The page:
NAPTOSA Congress 2012


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South African education crisis - Save the children's education

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NAPTOSA Congress 2012

  1. 1. NAPTOSA   3rd  Biennial  Na1onal  Congress  “Education in Crisis – Save our Children’s Education” Tuesday,  23  October  2012   19h00   Kopanong  Conference  Centre,  Benoni,  South  Africa   Presenter: Dr Muavia Gallie (PhD) Education Moving Up Cc.
  2. 2. Content1.  My brief;2.  Do we have a crisis in education?;3.  Books and Article about it;4.  Voices from there articles and my comments;5.  Recommendations. Search NAPTOSA Congress 2012
  3. 3. Introduction•  This presentation is not personal, but it is about PEOPLE;•  Since what is going wrong in the education system, has very little or nothing to do with money, but it is about the PEOPLE;•  What I present is not based on opinion, but rather data (information);•  This conversation is certainly not about ‘being politically correct’, but rather the ‘uncomfortable conversations’ we tend to avoid! – Might be ‘hard hitting’!;•  Finally, I don’t defend constituencies (learners, teachers, department, etc.), but rather Education and the future of our country!
  4. 4. Awareness TestDo we know what we don’t know?
  5. 5. Is  there  a  Crisis?  •  A  crisis  is  an  event  that  is,  or  expected  to  lead   to,  an  unstable  and  dangerous  situa1on   affec1ng  an  individual,  group,  community  or   whole  society.  •  Four  Characteris1cs:   –  Unexpected;   –  Creates  uncertainty;   –  Is  seen  as  a  threat  to  important  goals;   –  The  need  for  change.  
  6. 6. Crisis  Clusters  1.  Vic&m  –  When  organisa1on  is  vic1m  of  the  crisis,   e.g.  unforeseen  disaster,  false  or  wrong   informa1on,  etc.  –  Weak  Aribu,on;  2.  Accidental  –  When  organisa1onal  ac1ons  leading   to  crisis  were  uninten1onal,  e.g.  technical  and   logis1cal  errors,  etc.  –  Minimal  Aribu,on;  3.  Preventable  –  When  organisa1on  knowingly   placed  people  at  risk,  took  inappropriate  ac1ons   or  violated  law,  e.g.  management  misconduct,  etc.   –  Strong  Aribu,on            (Coombs,  2007,  p.168)  
  7. 7. Lead  to  ‘reputa1onal’  threats  1.  Cogni&ve-­‐func&onal:  Evalua1on  of   competence,  achievements,  reaching  of   goals;  2.  Cogni&ve-­‐social:  Sa1sfying  ethical  and   moral  norms,  developmental  and  social   responsibility;  3.  Affec&ve-­‐emo&onal:  Sympathy  and   arac1veness,  emo1onal  evalua1on.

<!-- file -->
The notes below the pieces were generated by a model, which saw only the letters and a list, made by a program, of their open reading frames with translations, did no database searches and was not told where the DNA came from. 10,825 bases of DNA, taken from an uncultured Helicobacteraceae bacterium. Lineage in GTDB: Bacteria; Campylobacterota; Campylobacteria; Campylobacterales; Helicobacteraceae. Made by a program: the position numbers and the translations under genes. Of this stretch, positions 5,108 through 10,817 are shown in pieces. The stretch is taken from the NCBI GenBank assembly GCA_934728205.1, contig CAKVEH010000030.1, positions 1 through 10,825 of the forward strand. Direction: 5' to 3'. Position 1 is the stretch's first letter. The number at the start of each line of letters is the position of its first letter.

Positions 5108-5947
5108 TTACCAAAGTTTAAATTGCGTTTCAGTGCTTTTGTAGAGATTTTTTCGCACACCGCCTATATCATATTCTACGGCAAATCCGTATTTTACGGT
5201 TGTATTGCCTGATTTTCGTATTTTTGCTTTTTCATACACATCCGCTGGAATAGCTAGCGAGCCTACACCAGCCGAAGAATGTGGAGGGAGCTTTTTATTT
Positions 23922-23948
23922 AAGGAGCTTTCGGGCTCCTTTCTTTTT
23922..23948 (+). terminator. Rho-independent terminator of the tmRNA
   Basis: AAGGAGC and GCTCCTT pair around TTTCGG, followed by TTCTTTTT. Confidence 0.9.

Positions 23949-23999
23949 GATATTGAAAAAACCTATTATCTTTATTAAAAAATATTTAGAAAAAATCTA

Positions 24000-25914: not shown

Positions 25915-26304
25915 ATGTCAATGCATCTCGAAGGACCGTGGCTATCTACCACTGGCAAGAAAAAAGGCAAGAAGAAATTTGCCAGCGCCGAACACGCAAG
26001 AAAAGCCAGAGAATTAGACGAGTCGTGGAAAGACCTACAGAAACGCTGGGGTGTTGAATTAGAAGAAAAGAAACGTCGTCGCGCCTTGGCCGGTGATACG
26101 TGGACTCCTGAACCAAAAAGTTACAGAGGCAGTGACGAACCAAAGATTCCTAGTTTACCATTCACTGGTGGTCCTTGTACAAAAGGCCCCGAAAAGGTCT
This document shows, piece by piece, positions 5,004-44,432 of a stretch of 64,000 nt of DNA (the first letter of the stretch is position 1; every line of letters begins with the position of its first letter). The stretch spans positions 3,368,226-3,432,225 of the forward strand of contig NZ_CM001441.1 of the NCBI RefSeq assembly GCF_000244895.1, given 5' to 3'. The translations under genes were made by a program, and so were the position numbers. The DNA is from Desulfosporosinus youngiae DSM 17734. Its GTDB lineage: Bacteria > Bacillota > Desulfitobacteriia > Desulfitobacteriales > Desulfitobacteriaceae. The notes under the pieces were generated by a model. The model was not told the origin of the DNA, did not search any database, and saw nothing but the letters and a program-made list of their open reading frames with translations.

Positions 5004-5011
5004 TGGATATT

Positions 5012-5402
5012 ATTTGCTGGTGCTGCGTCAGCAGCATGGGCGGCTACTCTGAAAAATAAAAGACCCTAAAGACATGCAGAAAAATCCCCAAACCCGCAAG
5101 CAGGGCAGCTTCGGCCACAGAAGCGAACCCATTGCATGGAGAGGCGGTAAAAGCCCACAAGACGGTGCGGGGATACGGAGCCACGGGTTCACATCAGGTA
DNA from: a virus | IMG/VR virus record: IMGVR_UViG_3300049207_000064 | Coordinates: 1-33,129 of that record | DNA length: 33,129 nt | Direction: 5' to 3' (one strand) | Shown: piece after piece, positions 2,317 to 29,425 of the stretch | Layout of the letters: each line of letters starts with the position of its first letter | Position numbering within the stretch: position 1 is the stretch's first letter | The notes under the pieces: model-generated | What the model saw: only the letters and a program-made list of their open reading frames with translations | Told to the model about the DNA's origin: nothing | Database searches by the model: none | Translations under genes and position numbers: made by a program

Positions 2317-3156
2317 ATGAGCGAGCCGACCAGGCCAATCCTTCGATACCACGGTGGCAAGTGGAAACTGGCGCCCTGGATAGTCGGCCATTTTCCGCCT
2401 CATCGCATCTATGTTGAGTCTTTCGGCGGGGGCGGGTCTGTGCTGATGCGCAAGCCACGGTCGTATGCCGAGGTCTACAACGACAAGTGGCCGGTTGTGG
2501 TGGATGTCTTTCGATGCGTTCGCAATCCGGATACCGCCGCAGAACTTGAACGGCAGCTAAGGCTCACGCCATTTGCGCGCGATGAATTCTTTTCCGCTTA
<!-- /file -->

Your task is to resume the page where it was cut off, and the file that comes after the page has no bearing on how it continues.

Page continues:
8. 8. Interface  between  ‘cluster’  and   ‘threats’   Functional Political/ Emotional crisis Social crisis crisis Mild  Vic1m  crisis   reputa,onal   threat   Moderate  Accidental   reputa,onal  crisis   threat   Severe  Preventable   reputa,onal  crisis   threat  
  9. 9. ???  
  10. 10. COSAS  Na1onal  Newsleer  Mar/Apr  1983  •  What  is  wrong  with  our  educa,on?     Our  educa,on  is  unequal  because:   1.  whereas  the  government  spends  R931,00  per  year  on   every  white  child,     2.  it  spends  only  R253,00  and  R  139,00  per  year  on  Coloured   and  African  children;   3.  whereas  one  teacher  in  a  white  school  caters  for  every  18   pupils,  in  black  schools  one  teacher  caters  for  39  pupils.   4.  also  about  half  the  black  matriculants  who  wrote  their   exams  last  year  failed  because  of  the  inferior  educa,on   they  received.  
  11. 11. Posters  -­‐  1986  
  12. 12. Books/Ar1cles  Headlines  2008  -­‐  2012    1.  Book  -­‐  B.  Fleisch  (2008)  –  Primary  educa&on  in  crisis:  Why  South  African  school  children  underachieve  in  reading  and  mathema&cs   2.  Book  –  edited  by  Nonikiwe  (2011)  -­‐  3.  Africa  Ins1tute  of  South  Africa  –  Briefing   Fixing  the  South  African  educa&on  no.72,  (March  2012)  –  Heading:  The  failing   crisis  standard  of  basic  educa&on  in  South  Africa  (Madisaotsile  B.M.)   4.  Nick  Taylor  (JET  Educa1on)  10  June   2011  –  Title:  Priori&es  for  addressing   South  Africa’s  educa&on  and  training  5.  Book  released  13  July  2012,  by  the   crisis  –  A  review  commissioned  by  Ins1tute  for  the  Study  of  English  in  Africa   the  Na&onal  Planning  Commission  (ISEA)  –  South  Africa’s  educa&on  crisis:  Views  from  the  Eastern  Cape  (Rhodes  Educa1on  Faculty,  edited  by  Prof  L.  Wright)